Another Study Links NSF to Gadolinium Contrast Dyes

A new study of  people with <"">Nephrogenic Systemic Fibrosis (NSF) has again found a strong link between the condition and the use of gadolinium contrast dyes.  The study, conducted by researchers at Vanderbilt University, concludes that gadolinium contrast dyes should be used “judiciously” in patients with pre-existing kidney disease, and their benefits should be carefully weighed against their risks.

NSF is a devastating condition that affects people with pre-existing kidney problems. There is currently no cure for NSF and no one understands its specific cause. The disorder is characterized by high blood pressure, burning, itching, swelling and hardening of the skin. Other symptoms include red or dark patches on the skin; pain deep in the hip bones or ribs and muscle weakness. NSF can progress to the point of causing severe stiffness in joints, and it can lead to death.  

A growing mountain of evidence has linked NSF to gadolinium contrast dyes used in MRI and MRA studies, and it is theorized that people with kidney problems may not be able to quickly eliminate gadolinium from their body.  In September 2007, the Food & Drug Administration (FDA) asked the manufacturers of gadolinium contrast dyes to add a black box warning to the product labels about its association with NSF. The FDA also warned that patients with kidney disease should avoid gadolinium contrast agents.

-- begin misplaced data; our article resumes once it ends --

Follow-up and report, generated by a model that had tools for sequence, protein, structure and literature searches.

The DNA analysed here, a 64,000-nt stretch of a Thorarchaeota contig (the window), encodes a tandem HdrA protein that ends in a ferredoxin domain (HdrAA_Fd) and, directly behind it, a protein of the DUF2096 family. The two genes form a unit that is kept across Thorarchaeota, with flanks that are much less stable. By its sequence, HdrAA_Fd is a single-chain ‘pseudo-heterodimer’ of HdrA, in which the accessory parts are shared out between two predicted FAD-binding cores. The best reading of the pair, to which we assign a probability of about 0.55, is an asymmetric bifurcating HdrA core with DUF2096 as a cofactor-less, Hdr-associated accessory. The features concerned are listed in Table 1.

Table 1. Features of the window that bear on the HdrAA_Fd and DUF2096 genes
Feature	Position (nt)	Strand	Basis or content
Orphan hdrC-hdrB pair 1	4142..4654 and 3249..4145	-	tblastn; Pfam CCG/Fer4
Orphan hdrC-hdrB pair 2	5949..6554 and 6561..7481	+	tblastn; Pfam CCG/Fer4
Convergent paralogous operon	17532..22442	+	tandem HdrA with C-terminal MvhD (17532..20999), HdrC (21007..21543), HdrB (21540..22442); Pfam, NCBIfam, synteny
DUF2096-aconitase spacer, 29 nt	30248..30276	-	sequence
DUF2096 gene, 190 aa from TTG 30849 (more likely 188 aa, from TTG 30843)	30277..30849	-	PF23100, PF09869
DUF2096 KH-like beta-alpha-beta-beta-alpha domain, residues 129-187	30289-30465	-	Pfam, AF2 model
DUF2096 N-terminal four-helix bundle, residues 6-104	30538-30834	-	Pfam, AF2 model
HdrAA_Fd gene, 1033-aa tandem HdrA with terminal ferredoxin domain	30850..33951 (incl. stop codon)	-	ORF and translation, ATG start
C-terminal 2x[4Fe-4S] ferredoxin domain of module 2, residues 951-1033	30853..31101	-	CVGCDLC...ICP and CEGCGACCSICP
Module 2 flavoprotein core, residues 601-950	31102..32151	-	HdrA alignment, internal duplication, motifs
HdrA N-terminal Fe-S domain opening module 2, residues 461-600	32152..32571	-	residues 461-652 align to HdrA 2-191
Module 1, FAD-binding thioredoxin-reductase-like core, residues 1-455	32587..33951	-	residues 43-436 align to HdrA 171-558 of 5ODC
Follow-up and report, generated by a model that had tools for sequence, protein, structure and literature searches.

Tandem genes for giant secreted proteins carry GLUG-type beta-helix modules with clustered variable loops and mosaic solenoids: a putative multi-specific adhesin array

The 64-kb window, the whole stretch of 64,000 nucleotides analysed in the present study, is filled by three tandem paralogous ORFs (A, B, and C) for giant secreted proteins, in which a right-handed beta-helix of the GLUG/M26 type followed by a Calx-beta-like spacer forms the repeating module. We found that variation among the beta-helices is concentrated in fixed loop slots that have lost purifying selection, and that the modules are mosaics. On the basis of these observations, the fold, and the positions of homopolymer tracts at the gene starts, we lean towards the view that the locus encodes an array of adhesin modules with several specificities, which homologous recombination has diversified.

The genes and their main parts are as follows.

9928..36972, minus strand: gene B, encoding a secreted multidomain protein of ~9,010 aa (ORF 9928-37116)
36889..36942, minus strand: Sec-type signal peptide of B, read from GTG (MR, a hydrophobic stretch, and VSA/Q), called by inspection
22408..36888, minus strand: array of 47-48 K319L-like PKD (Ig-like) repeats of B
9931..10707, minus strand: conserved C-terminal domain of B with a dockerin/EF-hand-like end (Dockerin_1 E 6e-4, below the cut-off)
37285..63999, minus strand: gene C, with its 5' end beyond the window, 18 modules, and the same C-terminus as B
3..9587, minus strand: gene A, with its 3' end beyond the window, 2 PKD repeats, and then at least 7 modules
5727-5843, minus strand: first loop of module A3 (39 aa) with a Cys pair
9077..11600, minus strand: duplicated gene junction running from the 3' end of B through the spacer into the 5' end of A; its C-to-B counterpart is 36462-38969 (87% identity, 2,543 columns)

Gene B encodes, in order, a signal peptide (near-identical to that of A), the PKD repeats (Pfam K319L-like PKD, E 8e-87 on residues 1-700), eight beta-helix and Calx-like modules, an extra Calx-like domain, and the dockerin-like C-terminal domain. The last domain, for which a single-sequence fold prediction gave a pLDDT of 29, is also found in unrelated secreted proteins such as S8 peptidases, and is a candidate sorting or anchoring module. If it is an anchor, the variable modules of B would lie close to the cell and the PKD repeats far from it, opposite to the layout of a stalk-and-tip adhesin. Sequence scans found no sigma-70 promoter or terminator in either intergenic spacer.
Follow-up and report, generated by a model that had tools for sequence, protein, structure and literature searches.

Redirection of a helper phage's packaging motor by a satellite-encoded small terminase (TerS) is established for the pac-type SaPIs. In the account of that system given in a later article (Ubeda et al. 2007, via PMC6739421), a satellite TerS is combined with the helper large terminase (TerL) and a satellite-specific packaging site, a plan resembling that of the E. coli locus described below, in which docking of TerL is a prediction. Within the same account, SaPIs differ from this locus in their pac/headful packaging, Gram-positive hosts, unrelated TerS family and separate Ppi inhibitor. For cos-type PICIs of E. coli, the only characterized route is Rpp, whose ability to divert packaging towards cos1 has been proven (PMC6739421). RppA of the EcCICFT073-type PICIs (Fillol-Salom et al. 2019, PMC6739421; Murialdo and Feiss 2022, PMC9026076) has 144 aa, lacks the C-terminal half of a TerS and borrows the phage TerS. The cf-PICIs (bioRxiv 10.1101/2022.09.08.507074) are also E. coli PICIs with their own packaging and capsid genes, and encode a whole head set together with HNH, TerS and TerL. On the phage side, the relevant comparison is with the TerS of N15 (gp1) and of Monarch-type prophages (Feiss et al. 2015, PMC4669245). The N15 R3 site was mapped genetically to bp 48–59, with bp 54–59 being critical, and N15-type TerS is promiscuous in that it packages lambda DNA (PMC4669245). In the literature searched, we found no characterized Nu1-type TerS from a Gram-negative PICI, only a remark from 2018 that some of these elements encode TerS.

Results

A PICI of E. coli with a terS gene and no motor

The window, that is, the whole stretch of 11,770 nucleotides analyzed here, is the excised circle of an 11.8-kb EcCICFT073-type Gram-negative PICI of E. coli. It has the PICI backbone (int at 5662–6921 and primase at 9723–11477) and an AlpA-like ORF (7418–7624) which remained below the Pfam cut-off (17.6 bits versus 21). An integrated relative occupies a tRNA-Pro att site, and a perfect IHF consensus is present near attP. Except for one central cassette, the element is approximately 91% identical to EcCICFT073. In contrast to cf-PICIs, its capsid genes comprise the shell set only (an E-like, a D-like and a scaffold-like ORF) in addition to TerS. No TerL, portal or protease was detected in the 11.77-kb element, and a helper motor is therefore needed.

Since then, hundreds of NSF victims and their families have filed lawsuits in state and federal courts against the makers of gadolinium contrast dyes for their injuries.   As of September 24, there were 287 NSF lawsuits pending in the Multidistrict Litigation. Another 104 lawsuits have been filed in various state courts throughout the U.S.  Gadolinium dye makers  Bayer HealthCare Pharmaceuticals, Bracco Diagnostics,  GE Healthcare  and Mallinckrodt have all been named as defendants in the cases.

For their study, researchers at Vanderbilt analyzed data from case series reports, NSF patient databases,  NSF case reports submitted to the FDA after gadolinium contrast agent exposure and retrospective case control studies.  According to the study abstract, there was a strong association between the use of gadolinium contrast dyes used in MRI procedures, and the subsequent development of NSF in patients with kidney disease.

The study abstract said that occurrence of NSF after gadolinium contrast agent exposure varied from negligible up to 2% to 5% in select high risk clinical situations. The study also found that  the risk of NSF depends on the degree of renal dysfunction, dose of contrast agent, gadolinium contrast agent stability and severity a patient’s kidney disease.

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